Gellar got his name on the ballot in the closing moments of the filing period back on Feb. 1.
He formally announced his candidacy to residents in a posting on the town’s electronic message board last weekend.
Gellar, a database developer, moved to Pelham with his family seven years ago. His children attend the high school and middle school.
Gellar is active with a Pelham civic group, ACES – Awareness for Community and Education Support.
“If elected, I intend to approach issues with an open mind,” Gellar told residents.
“Although much of my opinion has been shaped by my experiences as a parent and taxpayer, I believe it’s equally important to listen to and understand all perspectives if we are to move forward,” he said.
Gellar said the district needs to deliver a 21st century curriculum in a quality environment, while remaining mindful of the tax burden.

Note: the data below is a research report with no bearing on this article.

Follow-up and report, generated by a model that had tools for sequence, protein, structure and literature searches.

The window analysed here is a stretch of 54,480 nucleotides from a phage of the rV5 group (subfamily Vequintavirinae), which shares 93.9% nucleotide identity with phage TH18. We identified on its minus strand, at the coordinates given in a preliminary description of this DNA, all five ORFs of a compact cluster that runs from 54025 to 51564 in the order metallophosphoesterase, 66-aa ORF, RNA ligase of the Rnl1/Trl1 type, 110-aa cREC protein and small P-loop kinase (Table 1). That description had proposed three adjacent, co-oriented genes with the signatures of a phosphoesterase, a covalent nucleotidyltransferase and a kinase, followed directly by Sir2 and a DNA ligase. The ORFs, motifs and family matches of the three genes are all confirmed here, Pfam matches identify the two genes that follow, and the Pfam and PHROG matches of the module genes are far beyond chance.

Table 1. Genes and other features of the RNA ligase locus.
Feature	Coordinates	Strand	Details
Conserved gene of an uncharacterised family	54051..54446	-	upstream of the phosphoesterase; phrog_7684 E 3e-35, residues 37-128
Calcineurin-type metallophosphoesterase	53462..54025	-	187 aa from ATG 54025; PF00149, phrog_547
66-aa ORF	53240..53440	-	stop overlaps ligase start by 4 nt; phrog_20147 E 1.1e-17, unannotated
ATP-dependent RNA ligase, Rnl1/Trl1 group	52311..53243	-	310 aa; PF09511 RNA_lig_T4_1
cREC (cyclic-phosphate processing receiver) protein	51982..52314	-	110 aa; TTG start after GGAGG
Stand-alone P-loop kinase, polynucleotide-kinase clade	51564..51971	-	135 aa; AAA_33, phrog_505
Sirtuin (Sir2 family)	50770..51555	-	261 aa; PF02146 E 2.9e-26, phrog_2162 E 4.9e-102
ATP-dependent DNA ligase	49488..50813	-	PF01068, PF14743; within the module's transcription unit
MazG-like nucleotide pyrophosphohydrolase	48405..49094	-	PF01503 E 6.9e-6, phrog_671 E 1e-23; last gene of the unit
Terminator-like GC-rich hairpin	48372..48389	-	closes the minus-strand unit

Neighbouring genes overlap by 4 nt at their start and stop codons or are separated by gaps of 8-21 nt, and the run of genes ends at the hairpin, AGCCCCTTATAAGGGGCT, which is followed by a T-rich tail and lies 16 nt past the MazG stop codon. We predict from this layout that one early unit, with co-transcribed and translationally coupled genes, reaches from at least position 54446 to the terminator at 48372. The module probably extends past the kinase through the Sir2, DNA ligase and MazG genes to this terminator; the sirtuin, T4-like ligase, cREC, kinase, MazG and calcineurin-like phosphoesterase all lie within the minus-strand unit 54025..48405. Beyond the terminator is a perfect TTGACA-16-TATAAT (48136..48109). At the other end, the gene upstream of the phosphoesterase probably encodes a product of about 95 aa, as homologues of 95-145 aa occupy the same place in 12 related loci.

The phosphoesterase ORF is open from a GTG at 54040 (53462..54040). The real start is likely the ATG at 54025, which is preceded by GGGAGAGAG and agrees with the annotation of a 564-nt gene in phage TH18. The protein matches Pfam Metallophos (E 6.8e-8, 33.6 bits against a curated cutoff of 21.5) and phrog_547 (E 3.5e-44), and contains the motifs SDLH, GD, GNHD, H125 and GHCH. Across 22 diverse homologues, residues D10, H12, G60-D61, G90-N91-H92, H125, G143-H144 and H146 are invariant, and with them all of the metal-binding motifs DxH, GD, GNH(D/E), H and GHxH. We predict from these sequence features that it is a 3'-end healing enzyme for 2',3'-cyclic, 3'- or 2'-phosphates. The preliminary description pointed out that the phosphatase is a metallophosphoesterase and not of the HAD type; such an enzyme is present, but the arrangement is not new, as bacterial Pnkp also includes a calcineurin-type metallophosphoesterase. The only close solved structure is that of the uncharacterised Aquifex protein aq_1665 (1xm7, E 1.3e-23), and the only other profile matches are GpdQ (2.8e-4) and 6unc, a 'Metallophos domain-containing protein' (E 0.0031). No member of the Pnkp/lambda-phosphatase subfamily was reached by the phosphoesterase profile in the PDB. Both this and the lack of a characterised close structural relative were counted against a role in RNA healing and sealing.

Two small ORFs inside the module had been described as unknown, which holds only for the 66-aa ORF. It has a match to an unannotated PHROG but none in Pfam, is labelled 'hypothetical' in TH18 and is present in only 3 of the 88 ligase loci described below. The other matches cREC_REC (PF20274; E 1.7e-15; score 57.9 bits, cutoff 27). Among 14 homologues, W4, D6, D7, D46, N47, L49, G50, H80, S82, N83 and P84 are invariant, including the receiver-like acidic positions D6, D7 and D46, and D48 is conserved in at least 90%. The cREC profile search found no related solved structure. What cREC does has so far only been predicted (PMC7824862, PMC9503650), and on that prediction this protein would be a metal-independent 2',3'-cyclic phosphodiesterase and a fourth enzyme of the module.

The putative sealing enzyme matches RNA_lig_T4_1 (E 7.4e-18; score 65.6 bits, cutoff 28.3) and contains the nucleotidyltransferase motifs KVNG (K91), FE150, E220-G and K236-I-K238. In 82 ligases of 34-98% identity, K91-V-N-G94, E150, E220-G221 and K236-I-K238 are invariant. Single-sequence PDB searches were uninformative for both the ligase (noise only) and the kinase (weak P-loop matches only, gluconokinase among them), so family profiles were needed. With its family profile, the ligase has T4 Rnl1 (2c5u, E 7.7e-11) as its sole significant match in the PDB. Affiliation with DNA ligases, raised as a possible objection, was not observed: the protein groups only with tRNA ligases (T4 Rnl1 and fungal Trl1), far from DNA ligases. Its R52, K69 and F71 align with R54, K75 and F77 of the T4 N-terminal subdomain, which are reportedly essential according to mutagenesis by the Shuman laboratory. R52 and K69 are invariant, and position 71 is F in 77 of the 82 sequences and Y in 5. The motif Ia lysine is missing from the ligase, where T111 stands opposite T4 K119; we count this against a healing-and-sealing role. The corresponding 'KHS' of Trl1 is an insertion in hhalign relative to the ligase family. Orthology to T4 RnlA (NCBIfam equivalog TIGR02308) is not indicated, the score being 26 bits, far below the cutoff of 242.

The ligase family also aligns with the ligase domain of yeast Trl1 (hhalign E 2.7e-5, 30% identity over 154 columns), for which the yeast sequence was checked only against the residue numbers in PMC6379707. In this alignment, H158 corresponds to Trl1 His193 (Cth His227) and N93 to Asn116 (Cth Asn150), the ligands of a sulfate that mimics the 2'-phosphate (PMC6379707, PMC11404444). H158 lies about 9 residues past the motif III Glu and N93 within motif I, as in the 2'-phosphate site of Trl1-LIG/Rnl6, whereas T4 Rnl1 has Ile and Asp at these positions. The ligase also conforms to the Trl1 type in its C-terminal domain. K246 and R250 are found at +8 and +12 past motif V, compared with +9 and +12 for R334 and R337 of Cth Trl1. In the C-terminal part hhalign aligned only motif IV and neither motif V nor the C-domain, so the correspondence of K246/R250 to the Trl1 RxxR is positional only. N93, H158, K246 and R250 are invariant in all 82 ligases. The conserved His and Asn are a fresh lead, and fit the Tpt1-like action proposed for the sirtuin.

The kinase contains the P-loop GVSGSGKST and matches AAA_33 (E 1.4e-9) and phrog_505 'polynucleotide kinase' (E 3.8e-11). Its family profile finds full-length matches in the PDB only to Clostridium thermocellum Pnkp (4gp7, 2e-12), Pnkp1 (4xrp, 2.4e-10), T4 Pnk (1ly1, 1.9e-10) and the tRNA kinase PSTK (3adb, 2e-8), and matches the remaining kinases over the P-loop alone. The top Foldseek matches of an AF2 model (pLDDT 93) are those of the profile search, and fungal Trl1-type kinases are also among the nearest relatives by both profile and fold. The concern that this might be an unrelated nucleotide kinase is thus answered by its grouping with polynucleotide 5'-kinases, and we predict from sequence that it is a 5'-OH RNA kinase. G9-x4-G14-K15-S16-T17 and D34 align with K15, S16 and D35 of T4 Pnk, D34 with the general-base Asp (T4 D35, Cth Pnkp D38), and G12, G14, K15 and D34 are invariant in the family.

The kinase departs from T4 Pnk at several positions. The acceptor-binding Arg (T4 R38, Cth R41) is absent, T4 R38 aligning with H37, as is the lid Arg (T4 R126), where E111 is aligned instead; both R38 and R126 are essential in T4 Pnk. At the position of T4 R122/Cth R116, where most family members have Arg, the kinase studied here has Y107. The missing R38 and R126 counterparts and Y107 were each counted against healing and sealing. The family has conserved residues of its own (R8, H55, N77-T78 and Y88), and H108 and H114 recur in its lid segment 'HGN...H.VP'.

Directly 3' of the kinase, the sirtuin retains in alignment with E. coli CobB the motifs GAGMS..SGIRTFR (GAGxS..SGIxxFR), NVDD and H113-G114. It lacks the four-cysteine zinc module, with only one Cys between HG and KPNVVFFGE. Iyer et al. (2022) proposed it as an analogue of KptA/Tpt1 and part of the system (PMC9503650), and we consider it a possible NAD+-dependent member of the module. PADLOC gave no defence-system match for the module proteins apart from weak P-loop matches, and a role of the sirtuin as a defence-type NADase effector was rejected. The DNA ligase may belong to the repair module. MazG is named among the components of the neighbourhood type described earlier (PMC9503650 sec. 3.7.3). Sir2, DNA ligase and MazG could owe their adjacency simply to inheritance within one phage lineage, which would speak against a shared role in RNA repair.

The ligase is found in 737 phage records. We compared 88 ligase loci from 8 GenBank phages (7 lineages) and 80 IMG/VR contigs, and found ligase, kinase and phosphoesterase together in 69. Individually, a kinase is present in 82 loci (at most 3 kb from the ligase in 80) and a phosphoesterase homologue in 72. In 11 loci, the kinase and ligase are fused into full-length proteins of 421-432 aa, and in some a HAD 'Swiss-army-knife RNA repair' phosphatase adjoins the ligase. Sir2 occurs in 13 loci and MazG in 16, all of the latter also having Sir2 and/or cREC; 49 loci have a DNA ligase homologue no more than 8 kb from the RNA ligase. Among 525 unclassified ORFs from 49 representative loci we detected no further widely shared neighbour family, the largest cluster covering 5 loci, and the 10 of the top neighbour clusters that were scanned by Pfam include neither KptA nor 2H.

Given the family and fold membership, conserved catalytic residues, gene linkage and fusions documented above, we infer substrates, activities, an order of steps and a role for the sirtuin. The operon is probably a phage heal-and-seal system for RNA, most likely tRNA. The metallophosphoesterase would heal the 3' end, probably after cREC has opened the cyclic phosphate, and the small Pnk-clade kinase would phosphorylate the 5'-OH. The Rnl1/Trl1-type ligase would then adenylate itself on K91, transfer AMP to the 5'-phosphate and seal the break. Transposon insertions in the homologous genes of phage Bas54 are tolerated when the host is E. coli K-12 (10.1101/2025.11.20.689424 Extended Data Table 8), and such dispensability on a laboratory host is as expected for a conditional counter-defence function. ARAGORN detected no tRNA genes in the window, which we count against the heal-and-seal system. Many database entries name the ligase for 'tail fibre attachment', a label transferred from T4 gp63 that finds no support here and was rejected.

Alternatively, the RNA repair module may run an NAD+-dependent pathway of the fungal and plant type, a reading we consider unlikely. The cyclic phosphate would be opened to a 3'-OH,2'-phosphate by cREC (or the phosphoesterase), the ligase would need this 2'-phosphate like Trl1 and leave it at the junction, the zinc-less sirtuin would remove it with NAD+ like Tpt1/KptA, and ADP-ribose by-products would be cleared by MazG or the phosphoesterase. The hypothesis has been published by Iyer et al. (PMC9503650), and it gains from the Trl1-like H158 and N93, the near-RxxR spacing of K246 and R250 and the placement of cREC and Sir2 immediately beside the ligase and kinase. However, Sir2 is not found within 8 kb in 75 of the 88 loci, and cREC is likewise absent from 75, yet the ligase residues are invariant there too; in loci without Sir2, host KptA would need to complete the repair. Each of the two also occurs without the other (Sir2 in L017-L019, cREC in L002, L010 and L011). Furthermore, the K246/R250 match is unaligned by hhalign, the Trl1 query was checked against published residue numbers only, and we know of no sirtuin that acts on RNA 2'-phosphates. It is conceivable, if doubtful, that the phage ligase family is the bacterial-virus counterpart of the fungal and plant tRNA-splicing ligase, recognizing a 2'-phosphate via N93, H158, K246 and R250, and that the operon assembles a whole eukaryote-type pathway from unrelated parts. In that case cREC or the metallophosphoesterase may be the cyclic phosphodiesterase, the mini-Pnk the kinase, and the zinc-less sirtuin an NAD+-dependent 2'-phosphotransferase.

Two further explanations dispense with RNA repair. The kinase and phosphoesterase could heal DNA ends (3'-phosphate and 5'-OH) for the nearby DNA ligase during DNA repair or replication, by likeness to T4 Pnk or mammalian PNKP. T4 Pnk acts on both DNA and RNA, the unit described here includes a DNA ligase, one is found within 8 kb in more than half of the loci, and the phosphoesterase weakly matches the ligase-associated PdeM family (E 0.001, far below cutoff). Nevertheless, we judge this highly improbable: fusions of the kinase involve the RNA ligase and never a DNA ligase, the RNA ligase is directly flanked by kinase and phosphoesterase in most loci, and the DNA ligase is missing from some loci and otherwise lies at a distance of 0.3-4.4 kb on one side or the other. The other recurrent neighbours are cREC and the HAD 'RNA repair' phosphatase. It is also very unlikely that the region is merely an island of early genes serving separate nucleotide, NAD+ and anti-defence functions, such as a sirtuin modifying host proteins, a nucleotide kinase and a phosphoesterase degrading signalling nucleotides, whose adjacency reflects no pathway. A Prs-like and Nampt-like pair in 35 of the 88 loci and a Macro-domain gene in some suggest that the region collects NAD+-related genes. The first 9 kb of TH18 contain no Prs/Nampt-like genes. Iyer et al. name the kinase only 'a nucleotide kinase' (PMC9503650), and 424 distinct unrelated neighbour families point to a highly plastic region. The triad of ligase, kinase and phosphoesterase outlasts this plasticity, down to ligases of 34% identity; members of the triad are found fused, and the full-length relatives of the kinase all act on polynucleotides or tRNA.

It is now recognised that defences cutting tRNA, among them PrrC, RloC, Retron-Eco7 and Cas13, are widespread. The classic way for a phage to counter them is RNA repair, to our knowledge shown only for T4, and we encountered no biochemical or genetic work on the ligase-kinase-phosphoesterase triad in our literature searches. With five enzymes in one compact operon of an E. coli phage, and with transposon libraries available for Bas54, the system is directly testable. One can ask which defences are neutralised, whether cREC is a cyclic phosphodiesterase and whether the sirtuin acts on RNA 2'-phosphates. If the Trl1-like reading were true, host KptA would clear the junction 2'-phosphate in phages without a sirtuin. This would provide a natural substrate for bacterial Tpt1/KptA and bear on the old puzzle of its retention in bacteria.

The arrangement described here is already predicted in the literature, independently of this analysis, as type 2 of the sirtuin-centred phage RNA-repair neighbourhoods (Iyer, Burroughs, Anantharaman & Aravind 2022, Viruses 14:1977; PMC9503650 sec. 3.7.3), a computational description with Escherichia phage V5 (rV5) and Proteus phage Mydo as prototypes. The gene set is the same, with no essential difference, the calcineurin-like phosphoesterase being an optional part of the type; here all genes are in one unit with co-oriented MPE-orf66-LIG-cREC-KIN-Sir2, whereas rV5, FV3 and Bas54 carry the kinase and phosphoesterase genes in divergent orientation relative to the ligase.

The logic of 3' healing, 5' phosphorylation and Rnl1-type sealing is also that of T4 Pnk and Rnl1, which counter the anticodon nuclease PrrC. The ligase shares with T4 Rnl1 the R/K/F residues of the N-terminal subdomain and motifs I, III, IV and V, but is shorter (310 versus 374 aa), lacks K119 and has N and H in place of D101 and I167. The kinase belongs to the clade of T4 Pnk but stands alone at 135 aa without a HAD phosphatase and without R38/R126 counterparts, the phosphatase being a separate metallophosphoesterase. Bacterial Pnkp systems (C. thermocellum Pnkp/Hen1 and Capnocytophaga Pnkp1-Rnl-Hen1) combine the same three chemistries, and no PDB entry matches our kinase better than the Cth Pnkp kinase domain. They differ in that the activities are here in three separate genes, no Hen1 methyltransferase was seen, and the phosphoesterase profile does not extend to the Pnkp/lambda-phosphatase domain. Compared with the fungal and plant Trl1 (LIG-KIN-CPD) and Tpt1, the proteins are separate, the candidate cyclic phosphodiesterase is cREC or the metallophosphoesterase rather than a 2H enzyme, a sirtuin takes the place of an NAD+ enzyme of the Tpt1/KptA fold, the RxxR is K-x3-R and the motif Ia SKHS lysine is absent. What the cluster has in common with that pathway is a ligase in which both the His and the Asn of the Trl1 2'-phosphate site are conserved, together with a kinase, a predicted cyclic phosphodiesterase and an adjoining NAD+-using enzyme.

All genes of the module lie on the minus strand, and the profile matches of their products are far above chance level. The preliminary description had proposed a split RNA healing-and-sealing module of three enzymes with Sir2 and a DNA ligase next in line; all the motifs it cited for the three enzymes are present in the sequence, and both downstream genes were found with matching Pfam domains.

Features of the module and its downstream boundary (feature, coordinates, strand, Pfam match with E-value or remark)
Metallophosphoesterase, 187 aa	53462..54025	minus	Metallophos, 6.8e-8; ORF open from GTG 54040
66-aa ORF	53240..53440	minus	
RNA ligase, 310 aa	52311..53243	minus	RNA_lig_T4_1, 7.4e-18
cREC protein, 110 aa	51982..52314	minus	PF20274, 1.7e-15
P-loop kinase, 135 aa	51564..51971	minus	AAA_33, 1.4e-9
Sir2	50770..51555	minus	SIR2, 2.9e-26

Hardy has served three years and pushed a high school project with Ducharme that was narrowly rejected by voters. For him, the challenge and service were worthwhile.
“Personally, my first year on the board is where I felt my contribution was most needed,” Hardy said.
“As chairman, I had to run a meeting while not allowing attacks to be levied against fellow board members as well as not reacting to those directed at me,” he said.
“It was not easy, but phone calls and emails from the public and backup from Andy always kept me going,” Hardy said.
Hardy believes that election moved the town from negative to productive politics, and set the stage for last year’s approval of most ballot questions.
Hardy said he will be among those watching to see if officials who have advocated a high school renovation meant what they said.
“Did they mean it? If so, it should be a breeze to pass,” he said.